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MNT: Comparative Effectiveness of MNT Services (2009)

Citation:

Berra K, Ma J, Klieman L, Hyde S, Monti V, Guardado A, Rivera S, Stafford RS. Implementing cardiac risk-factor case management: Lessons learned in a county health system. Critical Pathways in Cardiology. 2007; 6(4): 173-179.

PubMed ID: 18091408
 
Study Design:
Randomized clinical trial.
Class:
A - Click here for explanation of classification scheme.
Quality Rating:
Negative NEGATIVE: See Quality Criteria Checklist below.
Research Purpose:

To identify lessons learned from a cardiovascular risk reduction case management program that may aid future case management implementation.

Inclusion Criteria:
  • Persons at elevated risk of coronary heart disease events, including those with existing congestive heart disease (CHD) or diabetes and those with a Framingham risk score of 10% or higher suggesting at least a moderate risk of a CHD event in the next 10 years
  • Aged 35 to 85 years
  • Multiethnic, low-income population in a county health system.
Exclusion Criteria:

None specifically mentioned.

Description of Study Protocol:

Recruitment

Recruitment methods were not described.

Design

Randomized clinical trial. Patients were randomized to case management plus usual primary care or primary care alone. 

Intervention

  • Case management plus usual primary care or primary care alone
  • Case management patients received face-to-face nurse and dietitian visits (mean of 14 hours, provided mostly as 40 to 60 minute sessions) over 17 months
  • Visits emphasized intensive and individualized care, continuity of care and a linkage to primary care physicians and specialty services, patient education about disease self-management, guideline-specified drug therapy for cardiovascular risk factors including blood pressure, dyslipidemia and hyperglycemia and behavior change to improve physical activity, nutrition, weight management, stress reduction and medication adherence. 

 

 

Data Collection Summary:

Timing of Measurements

Measurements made over a mean 17 years of follow-up.

Dependent Variables

CHD risk reduction.

Independent Variables

Case management plus usual primary care or usual primary care alone.

 

 

Description of Actual Data Sample:
  • Initial N: Randomized to case management plus usual primary care (N=212) or primary care alone (N=207)
  • Attrition (final N): 341 patients available for follow-up (81%)
  • Age: 35 to 85 years
  • Other relevant demographics: The Heart to Heart population was predominately middle-aged, obese, female and diabetic
  • Location: San Mateo County, California.

 

Summary of Results:

Other Findings

Findings demonstrated statistically significant reductions in mean Framingham Risk for case management vs. usual primary care (1.56% absolute decrease in 10-year CHD risk, P=0.007).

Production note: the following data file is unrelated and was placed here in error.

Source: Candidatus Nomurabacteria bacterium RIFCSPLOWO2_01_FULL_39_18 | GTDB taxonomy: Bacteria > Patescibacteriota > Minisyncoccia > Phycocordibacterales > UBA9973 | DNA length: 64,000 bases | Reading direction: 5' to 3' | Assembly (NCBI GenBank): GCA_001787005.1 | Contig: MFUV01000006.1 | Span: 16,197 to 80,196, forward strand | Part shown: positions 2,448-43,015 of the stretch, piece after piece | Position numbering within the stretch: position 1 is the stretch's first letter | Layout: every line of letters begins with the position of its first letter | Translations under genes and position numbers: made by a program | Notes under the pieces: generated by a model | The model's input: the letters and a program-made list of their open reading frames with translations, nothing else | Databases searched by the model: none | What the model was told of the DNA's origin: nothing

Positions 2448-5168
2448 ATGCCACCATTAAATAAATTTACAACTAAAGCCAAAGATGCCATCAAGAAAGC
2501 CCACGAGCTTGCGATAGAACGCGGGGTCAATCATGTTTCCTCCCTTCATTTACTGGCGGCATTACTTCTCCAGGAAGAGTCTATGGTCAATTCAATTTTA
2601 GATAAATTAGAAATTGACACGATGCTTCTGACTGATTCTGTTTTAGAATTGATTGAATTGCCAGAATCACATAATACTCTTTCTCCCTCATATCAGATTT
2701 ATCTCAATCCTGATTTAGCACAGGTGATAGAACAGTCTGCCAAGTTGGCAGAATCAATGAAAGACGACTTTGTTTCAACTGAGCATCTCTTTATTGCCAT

Favorable changes were noted across most major CHD risk factors, including systolic and diastolic blood pressure, HDL-cholesterol, LDL-cholesterol, hemoglobin A1c, minutes of physical activity per week and BMI.

Lessons learned are the need for the following:

  • Strategies for implementing case management in low-income, ethnically diverse populations
  • Methods for developing clinically more effective case management
  • Approaches to increase the efficiency of cardiovascular case management.
Author Conclusion:

Case management for cardiac risk factors faces notable implementation barriers, particularly in county health systems. Specific implementation solutions recommended may help confront these barriers and improve diffusion of this evidence-based and patient-centered model of care.

Funding Source:
Government: NHLBI Grant R01 HL070781
Reviewer Comments:

Many study details, such as recruitment methods, interventions, measurements and statistical analysis, were not described.

Quality Criteria Checklist: Primary Research
Relevance Questions
  1. Would implementing the studied intervention or procedure (if found successful) result in improved outcomes for the patients/clients/population group? (Not Applicable for some epidemiological studies) Yes
  2. Did the authors study an outcome (dependent variable) or topic that the patients/clients/population group would care about? Yes
  3. Is the focus of the intervention or procedure (independent variable) or topic of study a common issue of concern to dieteticspractice? Yes
  4. Is the intervention or procedure feasible? (NA for some epidemiological studies) Yes
 
Validity Questions
1. Was the research question clearly stated? Yes
  1.1. Was (were) the specific intervention(s) or procedure(s) [independent variable(s)] identified? Yes
  1.2. Was (were) the outcome(s) [dependent variable(s)] clearly indicated? Yes
  1.3. Were the target population and setting specified? Yes
2. Was the selection of study subjects/patients free from bias? ???
  2.1. Were inclusion/exclusion criteria specified (e.g., risk, point in disease progression, diagnostic or prognosis criteria), and with sufficient detail and without omitting criteria critical to the study? Yes
  2.2. Were criteria applied equally to all study groups? Yes
  2.3. Were health, demographics, and other characteristics of subjects described? No